Al-Jahmi remains in detention today. His trial began in late 2005, but has since stopped with the government providing no further information or announcing the charges against him. According to his court appointed lawyer, al-Jahmi may face the death penalty for supporting or calling for the establishment of “any grouping, organization or association proscribed by law.” According to al-Jahmi’s family, the government has denied them visits since August 2006. His brother told Human Rights Watch: “We don’t know at this moment if he’s dead or alive.”
In another troubling case, on February 16 and 17, 2007, state security arrested 13 men as they planned a peaceful demonstration to commemorate the first anniversary of an attack by Libyan police on a demonstration in Benghazi, in which 12 people were killed and many injured.7 A fourteenth man, a brother of a man from the original group, was arrested one hour later, after he gave an interview to a London-based Libyan website, Libya al-Mostakbal, about his brother’s arrest.
The authorities are holding most of the men at Jdeida prison or ‘Ayn Zara prison in Tripoli, but Jum`a Boufayed (brother of Dr. Idris Boufayed, who was arrested after giving the interview) is currently missing. The authorities also have refused to acknowledge the detention or whereabouts of another of the arrested men, `Abd al-Rahman al-Qotaiwi. In addition, two of the detainees—Ahmad Yusif al-`Ubaidi and al-Sadiq Salih Humaid—reportedly suffer from medical ailments, and it appears that medical treatment has been denied.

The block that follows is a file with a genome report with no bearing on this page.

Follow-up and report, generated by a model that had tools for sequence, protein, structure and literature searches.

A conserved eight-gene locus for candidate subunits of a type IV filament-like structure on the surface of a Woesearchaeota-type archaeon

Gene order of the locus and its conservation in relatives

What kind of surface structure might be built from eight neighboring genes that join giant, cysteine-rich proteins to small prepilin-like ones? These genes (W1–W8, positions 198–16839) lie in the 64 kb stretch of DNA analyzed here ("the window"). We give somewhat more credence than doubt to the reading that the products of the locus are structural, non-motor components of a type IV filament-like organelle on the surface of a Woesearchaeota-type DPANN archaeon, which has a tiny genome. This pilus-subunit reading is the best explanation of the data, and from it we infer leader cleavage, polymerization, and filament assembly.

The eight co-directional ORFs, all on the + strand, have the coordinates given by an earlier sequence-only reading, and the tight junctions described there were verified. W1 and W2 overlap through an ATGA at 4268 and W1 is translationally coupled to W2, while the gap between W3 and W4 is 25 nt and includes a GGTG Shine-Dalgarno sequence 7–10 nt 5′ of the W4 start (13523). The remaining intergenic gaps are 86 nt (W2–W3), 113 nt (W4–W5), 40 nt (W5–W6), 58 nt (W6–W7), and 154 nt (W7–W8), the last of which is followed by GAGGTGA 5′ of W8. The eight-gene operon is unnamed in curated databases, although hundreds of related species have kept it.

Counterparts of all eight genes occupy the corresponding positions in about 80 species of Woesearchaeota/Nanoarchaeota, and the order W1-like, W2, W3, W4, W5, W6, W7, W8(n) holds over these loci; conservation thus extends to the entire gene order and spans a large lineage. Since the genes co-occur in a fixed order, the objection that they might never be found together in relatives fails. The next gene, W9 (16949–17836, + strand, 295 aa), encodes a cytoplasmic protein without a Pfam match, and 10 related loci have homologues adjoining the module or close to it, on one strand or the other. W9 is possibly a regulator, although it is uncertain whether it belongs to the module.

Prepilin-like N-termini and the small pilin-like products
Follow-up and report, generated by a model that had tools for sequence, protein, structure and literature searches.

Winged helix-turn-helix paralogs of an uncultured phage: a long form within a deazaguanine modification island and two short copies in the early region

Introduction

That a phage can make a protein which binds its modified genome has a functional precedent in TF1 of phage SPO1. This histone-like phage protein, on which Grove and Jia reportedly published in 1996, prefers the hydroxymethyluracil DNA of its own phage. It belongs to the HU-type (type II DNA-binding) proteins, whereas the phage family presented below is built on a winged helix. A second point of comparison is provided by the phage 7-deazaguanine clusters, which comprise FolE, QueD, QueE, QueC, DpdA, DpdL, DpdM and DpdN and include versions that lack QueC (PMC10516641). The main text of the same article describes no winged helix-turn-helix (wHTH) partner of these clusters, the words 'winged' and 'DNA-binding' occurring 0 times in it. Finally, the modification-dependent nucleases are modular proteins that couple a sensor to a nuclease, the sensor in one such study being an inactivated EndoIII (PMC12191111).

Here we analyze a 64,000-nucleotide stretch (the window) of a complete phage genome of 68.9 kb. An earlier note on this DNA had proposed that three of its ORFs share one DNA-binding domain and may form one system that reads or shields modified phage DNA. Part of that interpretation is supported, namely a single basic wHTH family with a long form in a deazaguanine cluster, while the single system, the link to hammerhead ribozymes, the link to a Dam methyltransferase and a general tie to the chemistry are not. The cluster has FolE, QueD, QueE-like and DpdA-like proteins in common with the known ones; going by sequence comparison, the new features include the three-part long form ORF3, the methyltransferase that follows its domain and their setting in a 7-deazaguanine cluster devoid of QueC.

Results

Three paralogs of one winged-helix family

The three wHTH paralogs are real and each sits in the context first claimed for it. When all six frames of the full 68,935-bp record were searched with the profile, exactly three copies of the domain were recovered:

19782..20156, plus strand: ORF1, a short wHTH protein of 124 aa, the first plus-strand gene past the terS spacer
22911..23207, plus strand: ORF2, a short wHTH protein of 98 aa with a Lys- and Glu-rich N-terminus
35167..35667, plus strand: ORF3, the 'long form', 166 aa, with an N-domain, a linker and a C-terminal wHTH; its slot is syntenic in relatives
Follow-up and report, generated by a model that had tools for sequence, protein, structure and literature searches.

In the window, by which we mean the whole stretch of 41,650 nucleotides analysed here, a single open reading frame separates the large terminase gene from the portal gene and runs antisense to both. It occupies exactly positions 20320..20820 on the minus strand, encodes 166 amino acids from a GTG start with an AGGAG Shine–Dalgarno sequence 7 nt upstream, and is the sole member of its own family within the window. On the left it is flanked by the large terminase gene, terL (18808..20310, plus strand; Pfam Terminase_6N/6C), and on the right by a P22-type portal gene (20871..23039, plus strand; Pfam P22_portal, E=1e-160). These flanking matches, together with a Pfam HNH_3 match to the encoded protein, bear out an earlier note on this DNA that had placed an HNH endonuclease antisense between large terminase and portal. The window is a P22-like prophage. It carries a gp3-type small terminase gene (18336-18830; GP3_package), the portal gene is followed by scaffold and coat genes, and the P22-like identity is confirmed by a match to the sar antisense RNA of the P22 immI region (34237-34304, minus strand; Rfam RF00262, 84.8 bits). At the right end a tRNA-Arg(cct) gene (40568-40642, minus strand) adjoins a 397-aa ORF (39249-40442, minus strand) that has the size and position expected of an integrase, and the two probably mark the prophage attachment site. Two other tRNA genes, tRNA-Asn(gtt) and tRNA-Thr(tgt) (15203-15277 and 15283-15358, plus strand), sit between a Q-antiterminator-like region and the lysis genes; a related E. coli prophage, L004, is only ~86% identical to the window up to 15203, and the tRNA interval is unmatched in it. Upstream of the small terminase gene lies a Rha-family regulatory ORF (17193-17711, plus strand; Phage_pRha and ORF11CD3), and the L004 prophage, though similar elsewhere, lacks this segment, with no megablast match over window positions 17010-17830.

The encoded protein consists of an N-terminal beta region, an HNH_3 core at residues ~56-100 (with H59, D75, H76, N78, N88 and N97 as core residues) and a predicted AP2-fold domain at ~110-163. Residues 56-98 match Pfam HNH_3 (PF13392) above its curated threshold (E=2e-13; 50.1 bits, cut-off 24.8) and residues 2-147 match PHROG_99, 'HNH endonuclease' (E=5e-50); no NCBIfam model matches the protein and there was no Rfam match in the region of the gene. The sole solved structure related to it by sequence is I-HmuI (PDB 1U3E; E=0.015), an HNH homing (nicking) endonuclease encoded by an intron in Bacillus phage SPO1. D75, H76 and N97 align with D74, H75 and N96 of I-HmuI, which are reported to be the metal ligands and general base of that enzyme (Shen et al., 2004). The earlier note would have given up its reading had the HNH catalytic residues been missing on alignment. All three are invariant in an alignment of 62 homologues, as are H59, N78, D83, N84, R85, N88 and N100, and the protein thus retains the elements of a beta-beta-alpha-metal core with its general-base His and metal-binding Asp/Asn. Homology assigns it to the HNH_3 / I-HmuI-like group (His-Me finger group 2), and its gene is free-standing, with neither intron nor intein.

Repeated requests by Human Rights Watch to the Libyan government for information about the case – including the location of the two “disappeared” men – have gone unanswered.
To Human Rights Watch’s knowledge, none of the arrested men engaged in or advocated violence. Dr. Idris Boufayed, the demonstration’s main organizer, is an outspoken critic of the Libyan leader and runs a small exile group called the National Union for Reform (he lived in Switzerland for 16 years). Security agents detained him for at least one month in November 2006, after he wrote critical letters to Libyan opposition websites.8
Another of the men, Jamal al-Haji, is a writer and government critic. In an article he wrote a few days before his arrest he called for “freedom, democracy, a constitutional state, and law.” Al-Haji holds Danish citizenship. The Danish government has, without success, repeatedly requested access to al-Haji, under the terms of the Vienna Convention on Consular Relations. Libya refuses to recognize al-Haji’s Danish citizenship or to grant Danish diplomats access to him.